FARGO — An infusion of $30 million will enable construction to begin next spring on a $1 billion pipeline that will deliver Missouri River water to the Red River Valley during periods of prolonged drought.

The Red River Valley Water Supply Project is a 165-mile pipeline meant to carry water from the Missouri near Washburn, north of Bismarck, and empty into the Sheyenne River above Baldhill Dam, a reservoir north of Valley City.

The pipeline, with a diameter of 72 inches, will carry 165 cubic feet per second of water — equal to 74,057 gallons per minute — to augment water supplies in central North Dakota and the Red River Valley during long periods of drought.

“We’ll certainly be able to continue,” although project backers had asked for $50 million, said Duane DeKrey, general manager of the Garrison Diversion Conservancy District, which is managing the project. North Dakota legislators ended up designating $30 million for the project in this year's session.

Meanwhile, a recent federal appeals court decision allowing the Northwest Area Water Supply Project for Minot will be beneficial in the event the Red River Valley Water Supply Project faces a legal challenge seeking to block transfer of Missouri River water, state Attorney General Wayne Stenehjem said.

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The appeals panel rejected a challenge from the state of Missouri, which argued that transfer of water would deplete the Missouri River. Manitoba, which initially also sought to block the NAWS project, withdrew from the lawsuit.

Canada doesn’t object to transferring the water — its communities also could benefit from augmented flows on the Red River during extended droughts — but wants to make sure that no biological species can enter the basin, Stenehjem said.

The average annual discharge from Garrison Dam on the Missouri is 22,500 cubic feet per second — or more than 10 million gallons per minute — and was 12,000 cubic feet per second during the severe 1930s drought.

“It’s just a massive amount of water,” Stenehjem said.

The city of Fargo will be the largest customer for the state-backed project, which was spun off from the now-defunct Garrison Diversion Project, a federal water project designed for major irrigation in eastern North Dakota.

If the Missouri River were reduced to a pail of water, the water to be diverted for the Red River Valley Water Supply Project would amount to a few drops, Stenehjem said.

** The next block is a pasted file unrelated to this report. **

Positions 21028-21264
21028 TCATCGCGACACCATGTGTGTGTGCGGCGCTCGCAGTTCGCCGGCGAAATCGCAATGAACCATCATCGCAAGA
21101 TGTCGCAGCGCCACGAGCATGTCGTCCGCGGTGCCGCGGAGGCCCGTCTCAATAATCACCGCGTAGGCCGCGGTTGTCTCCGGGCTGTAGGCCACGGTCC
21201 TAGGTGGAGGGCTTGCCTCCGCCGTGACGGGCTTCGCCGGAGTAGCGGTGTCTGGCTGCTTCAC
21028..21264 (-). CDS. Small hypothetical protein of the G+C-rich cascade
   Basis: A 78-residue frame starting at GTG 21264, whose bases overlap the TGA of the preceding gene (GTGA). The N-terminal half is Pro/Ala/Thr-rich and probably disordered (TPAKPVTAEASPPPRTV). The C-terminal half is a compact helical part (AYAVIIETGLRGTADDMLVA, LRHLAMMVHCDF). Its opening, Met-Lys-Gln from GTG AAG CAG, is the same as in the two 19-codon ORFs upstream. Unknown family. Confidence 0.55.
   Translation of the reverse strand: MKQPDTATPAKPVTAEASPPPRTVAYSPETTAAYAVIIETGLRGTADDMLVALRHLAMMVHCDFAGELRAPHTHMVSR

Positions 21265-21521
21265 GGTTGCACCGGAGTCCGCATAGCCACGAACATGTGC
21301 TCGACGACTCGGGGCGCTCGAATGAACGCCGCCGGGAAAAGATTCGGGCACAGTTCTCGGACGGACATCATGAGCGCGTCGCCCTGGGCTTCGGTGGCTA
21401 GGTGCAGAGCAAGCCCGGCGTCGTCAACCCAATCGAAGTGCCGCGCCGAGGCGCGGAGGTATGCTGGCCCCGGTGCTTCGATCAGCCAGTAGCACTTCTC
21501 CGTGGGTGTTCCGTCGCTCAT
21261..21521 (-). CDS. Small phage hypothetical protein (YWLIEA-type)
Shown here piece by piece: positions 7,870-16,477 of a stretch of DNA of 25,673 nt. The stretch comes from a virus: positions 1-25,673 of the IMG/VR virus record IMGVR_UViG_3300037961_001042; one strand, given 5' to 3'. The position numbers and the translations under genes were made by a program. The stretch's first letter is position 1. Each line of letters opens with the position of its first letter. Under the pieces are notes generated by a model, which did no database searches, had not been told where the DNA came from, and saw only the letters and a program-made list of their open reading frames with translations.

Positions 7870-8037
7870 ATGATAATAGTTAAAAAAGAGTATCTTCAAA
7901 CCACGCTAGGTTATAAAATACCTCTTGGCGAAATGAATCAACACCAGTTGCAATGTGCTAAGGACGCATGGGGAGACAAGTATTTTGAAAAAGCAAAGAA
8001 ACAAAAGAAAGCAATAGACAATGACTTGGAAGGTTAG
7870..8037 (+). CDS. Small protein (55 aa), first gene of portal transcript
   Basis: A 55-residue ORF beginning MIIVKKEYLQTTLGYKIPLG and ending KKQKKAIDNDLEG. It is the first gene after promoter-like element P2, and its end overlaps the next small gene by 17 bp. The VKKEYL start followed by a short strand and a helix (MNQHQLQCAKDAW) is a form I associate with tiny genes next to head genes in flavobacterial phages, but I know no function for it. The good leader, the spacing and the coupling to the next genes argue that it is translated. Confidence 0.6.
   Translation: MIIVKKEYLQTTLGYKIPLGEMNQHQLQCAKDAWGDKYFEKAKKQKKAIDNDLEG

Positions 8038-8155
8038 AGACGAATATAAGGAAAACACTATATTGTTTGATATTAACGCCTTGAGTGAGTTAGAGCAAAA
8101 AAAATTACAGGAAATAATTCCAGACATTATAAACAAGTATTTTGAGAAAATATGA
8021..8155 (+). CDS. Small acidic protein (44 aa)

Garrison Diversion was intended to help compensate North Dakota, which lost 500,000 acres of prime Missouri River bottom land, he said. “We’re constantly reminding them it’s the Missouri River, not the river for the state of Missouri,” Stenehjem said.

Officials are eager to start construction of all three major components of the project — the intake, pipeline and outlet — so it can be “grandfathered in” under rules that will be revised by the Trump administration.

The concern is that the much less favorable “Waters of the United States” regulations from the Obama administration otherwise could apply, if legal challenges fail, DeKrey said.

North Dakota is among a group of states suing to eliminate the rule, which state officials and others argue is overly restrictive, and the rule has not taken effect in North Dakota because of the ongoing lawsuit.

“That’s still hanging out there,” DeKrey said.

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Construction also is important to demonstrate “substantial reliance” on permits for the project, which could lapse from inactivity, he said. “Nobody wants to losemc the permit we’ve gotten to take water from the Missouri River,” DeKrey said.

Although Fargo-Moorhead has been plagued by recurring major floods over the past two decades, water scarcity from drought has long alarmed local officials.

The Red River’s flow trickled to zero for five months in 1934, during the “Dirty Thirties” decade-long drought. A 10-year drought of similar magnitude today would have an economic impact of $25 billion, according to the Garrison Diversion Conservancy District.

Design work is ready to enable construction of at least $150 million when money is available, DeKrey said.

“We are shovel ready,” he said. Bids for initial construction work will be requested this fall, and construction can start next spring.

A 10-year construction period would be optimal. A faster schedule would require premium prices for steel for the pipelines, for instance, and a slower schedule drives up inflation costs, DeKrey said.

“It goes up about $28 million every year the project is delayed,” he said, adding that the current price tag stands at $1.16 billion.